In The New York Post, terrorism expert and journalist Steven Emerson protested that CNN and Newsday warped the views of Republican Congressman Peter King on an Islamic group, and how they want to blame 9/11 on a Zionist conspiracy instead of al-Qaeda:
THE media is engaged in a jihad against Rep. Peter King - a jihad in defense of Islamist extremists.
King, a Long Island Republican, has warned his constituents that some leaders of the Islamic Center of Long Island have "publicly stated that the CIA or the 'Zionists' may have been behind the attacks" of 9/11.
The record backs him up. Indeed, the center's leadership has a long history of extremism. But both Newsday and CNN chose to ignore the facts and smear King.
Last week's CNN report was one of the most dishonest pieces of reporting I have ever observed in my entire 27-year career. In attacking King, CNN reporter Jason Carroll claimed the congressman had said the members of the Long Island mosque were "part of an Islamic threat that could cause another 9/11."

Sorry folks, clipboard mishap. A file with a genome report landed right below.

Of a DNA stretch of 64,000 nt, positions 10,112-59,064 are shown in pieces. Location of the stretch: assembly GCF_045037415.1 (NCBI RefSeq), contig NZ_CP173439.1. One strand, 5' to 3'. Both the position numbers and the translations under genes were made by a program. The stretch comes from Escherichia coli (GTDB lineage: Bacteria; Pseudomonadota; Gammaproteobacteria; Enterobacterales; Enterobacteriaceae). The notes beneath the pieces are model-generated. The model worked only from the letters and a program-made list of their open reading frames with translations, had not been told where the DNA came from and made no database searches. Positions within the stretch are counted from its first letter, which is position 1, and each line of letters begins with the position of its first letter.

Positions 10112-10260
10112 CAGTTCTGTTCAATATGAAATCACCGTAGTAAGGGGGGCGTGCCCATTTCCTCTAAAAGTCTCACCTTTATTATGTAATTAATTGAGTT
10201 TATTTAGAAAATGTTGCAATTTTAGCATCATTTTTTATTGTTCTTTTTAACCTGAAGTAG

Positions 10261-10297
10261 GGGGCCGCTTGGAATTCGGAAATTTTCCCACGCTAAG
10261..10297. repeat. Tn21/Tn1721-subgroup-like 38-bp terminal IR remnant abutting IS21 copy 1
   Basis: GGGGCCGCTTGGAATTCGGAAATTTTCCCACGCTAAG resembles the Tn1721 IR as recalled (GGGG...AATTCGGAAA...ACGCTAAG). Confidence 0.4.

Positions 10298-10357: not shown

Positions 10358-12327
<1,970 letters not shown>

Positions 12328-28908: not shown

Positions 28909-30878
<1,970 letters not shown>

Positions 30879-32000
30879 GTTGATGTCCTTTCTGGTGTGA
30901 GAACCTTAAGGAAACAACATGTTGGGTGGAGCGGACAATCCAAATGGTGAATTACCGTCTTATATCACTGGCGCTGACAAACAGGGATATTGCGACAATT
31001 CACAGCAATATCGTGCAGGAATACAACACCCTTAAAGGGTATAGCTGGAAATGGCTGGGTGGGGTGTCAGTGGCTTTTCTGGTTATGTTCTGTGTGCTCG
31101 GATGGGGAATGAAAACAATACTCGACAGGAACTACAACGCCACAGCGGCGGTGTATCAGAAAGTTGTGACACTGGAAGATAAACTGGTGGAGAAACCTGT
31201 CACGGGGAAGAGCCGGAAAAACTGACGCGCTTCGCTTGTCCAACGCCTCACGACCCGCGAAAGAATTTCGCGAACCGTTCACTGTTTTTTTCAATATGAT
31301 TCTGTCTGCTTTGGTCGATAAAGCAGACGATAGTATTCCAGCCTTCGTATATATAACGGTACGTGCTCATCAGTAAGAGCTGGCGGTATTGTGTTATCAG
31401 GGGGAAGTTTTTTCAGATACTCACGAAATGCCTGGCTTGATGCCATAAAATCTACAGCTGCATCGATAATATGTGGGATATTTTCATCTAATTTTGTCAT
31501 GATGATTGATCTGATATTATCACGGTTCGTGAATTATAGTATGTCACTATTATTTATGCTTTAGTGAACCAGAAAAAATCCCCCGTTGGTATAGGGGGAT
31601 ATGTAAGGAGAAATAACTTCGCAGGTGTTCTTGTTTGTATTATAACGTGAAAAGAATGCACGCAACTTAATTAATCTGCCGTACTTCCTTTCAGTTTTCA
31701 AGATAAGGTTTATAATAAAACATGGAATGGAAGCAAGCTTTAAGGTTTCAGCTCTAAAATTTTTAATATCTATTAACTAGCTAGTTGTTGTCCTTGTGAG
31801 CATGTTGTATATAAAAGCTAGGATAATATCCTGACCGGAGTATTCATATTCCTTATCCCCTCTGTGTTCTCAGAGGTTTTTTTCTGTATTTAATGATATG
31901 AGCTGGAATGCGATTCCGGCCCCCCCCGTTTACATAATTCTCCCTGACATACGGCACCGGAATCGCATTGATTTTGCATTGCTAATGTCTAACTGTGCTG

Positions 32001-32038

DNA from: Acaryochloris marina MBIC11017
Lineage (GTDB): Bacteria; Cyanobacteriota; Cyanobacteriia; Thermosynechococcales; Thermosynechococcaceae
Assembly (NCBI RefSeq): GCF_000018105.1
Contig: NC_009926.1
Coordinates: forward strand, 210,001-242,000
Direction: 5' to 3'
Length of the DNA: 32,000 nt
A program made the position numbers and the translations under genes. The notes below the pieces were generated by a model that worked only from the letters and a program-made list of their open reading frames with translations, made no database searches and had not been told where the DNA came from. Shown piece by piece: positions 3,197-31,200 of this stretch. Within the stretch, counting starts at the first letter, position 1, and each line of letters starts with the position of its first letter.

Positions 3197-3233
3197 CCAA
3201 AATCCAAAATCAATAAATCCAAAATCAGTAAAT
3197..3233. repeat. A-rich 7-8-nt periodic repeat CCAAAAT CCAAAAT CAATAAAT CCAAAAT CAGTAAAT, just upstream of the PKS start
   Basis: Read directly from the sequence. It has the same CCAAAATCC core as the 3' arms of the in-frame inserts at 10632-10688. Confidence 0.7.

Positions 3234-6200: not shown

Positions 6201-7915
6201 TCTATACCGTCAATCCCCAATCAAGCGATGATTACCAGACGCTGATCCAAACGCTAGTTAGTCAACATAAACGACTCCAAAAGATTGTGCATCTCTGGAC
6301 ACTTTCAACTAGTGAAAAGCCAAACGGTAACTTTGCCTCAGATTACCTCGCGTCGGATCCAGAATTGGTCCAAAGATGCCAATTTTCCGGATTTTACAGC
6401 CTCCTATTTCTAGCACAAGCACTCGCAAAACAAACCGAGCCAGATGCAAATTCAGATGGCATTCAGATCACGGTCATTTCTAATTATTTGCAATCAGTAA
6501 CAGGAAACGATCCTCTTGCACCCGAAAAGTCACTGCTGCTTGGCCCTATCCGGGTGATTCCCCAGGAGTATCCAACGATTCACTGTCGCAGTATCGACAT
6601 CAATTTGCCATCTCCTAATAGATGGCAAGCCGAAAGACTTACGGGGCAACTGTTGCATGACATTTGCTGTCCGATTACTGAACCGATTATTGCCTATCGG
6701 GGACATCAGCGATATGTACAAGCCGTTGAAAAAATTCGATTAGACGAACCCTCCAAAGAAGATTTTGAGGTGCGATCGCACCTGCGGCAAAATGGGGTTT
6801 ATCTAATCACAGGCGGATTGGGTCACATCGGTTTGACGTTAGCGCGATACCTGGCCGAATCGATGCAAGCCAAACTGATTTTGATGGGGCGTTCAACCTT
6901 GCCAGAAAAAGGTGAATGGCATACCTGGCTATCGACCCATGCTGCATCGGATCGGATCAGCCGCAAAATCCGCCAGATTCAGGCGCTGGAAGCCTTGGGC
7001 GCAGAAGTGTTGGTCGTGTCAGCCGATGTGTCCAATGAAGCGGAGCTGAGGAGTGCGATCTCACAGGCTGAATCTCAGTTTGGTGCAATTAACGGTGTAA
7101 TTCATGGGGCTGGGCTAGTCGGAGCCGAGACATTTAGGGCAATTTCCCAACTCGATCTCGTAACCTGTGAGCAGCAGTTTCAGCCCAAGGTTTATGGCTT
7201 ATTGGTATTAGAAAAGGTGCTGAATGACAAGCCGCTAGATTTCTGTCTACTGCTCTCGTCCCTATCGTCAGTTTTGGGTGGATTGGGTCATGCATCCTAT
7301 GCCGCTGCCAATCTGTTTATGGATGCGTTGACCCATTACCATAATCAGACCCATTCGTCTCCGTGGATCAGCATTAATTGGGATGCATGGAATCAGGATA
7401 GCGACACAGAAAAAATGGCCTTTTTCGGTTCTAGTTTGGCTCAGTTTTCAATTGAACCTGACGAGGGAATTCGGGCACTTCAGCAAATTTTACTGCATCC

King has said no such thing; the red herring simply distracts from the real issue -- the center's history of employing extremists and defending terrorists...
To bolster his attack on King, CNN's Carroll presented Nihad Awad as an aggrieved man of the cloth, lamenting that a "member of the U.S. Congress [would] exploit anti-Muslim prejudice . . . to get a few more votes and some money."
In fact, Awad is head of the Council on American Islamic Relations -- an "Islamic advocacy" group that has championed terrorists. At least three of its top officials have been convicted of terrorism-related offenses. It has sponsored events where jihadists have called Jews "the sons of pigs and monkeys."
The Islamic Center's history shows that the congressman is very much on target. Both Newsday and CNN owe Peter King an apology.